In an article Monday headlined "American band releases album venomously
attacking China," the Global Times said unidentified Chinese Internet users had
described the album as part of a plot by the West to "grasp and control the
world using democracy as a pawn."
The album "turns its spear point on China," the article said.
Reports suggested that the China National Publications Import and Export
Group, the state-owned monopoly responsible for importing all music, has told
record shops not to bother trying to order the long-awaited album, which took
the band 17 years to produce.
In addition, the album's official website, chinesedemocracy.com, has been
blocked automatically by internet censors, while Baidu, the Chinese version of
Google, is self-censoring any searches for the album.
Chinesedemocracy.com has responded with a poll asking visitors if they
thought the Chinese should be allowed to access it and about 70 per cent of
respondents said yes.
So far, the only way Chinese fans of the rock group have been able to listen
to the album is on the band's Myspace page.
Guns N' Roses became hugely popular in China in the late 1980s, when its
music was associated with the rebellious student movements that flowered before
the massacre in Tiananmen Square.
The album reportedly cost over £9 million to make and may have helped speed
the demise of Axl Rose's record company, Sanctuary, and its subsequent buyout by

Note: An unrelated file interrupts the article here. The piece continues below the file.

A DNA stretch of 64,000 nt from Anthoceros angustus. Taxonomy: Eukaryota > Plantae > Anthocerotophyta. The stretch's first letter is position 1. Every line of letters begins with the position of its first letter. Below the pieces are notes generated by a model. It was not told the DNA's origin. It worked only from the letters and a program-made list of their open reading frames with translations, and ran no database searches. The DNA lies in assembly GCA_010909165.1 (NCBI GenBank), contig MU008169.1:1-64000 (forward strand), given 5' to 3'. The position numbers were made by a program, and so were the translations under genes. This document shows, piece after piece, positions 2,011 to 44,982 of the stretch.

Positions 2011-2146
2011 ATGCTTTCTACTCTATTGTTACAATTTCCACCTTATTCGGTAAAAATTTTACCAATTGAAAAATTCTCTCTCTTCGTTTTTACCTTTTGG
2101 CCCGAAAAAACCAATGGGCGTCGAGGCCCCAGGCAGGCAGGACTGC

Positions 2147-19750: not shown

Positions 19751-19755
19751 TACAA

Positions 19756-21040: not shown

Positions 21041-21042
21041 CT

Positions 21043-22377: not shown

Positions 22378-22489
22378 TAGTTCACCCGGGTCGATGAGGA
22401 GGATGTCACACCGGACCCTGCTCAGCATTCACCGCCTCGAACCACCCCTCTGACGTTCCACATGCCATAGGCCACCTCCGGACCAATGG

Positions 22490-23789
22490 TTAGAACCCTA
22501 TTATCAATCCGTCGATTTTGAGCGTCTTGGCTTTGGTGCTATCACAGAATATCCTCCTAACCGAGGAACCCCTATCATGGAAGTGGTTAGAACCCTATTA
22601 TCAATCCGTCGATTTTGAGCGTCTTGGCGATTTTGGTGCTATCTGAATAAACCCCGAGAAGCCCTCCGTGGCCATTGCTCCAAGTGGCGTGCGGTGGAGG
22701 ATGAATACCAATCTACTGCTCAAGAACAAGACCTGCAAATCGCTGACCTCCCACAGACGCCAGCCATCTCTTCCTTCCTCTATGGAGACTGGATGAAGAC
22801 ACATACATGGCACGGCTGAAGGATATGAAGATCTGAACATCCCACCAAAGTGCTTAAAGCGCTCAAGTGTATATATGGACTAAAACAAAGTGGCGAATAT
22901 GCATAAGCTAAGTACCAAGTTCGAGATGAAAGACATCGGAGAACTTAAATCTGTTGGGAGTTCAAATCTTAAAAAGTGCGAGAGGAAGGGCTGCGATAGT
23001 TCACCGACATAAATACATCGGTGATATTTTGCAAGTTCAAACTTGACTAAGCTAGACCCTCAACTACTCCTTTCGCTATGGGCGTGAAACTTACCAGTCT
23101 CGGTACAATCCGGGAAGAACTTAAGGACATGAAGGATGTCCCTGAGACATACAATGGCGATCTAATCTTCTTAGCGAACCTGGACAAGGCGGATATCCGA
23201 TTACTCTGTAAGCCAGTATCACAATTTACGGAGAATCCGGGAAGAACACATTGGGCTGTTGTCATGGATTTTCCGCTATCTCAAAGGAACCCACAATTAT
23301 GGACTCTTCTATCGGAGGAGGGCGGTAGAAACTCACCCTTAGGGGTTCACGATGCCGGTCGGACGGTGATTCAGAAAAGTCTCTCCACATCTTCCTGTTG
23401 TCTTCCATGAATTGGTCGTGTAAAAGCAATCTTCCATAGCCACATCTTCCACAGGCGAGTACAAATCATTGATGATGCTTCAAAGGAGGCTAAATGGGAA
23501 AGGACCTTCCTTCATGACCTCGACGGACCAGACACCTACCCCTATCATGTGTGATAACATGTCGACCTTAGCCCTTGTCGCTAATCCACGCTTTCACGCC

Universal Music Group. Its 14 tracks, which spread across 77 minutes, have been
described by the New York Times as "the work of a fading rock star with far too
much money and time on his hands, and no one around who could tell him: 'No'."
Axl Rose, the 46-year-old lead singer of Guns N' Roses, is the only original
member of the band left. Chinese Democracy has been gestating since 1991,
meaning that Rose recorded an average of 4.5 minutes of music a year.
In the title track, Rose sings about "missionaries", "visionaries" and
"sitting in a Chinese stew".
It also contains the provocative lines: "Blame it on the Falun Gong, they've
seen the end and you can't hold on now". The Chinese government has outlawed the
spiritual movement as an "illegal cult" and there have been repeated accusations
of the cruel treatment of Falun Gong members.
Chen Zhuo, a Beijing-based visual artist, declined an offer from Guns N'
Roses when the band wanted to use his image of Tiananmen Square rendered as an
amusement park for the cover of the record. Instead, the album cover features a
picture of a bicycle and three red Communist stars.
However, the Ministry of Culture said it did not know whether the album was
banned or not. "This is the first time we've heard about it," said a spokesman,
adding that the ban "might just be a rumour".
On Chinese blog sites, a common platform for teenagers to vent their anger,
few people were upset by the album's lyrics. "How can they know about China if
they have never been. This explains why Americans are always clowns," said one
However, another blogger commented: "Helpless Chinese under the iron fist is
a good song. Where can I buy the album? I'll get angry if I can't buy the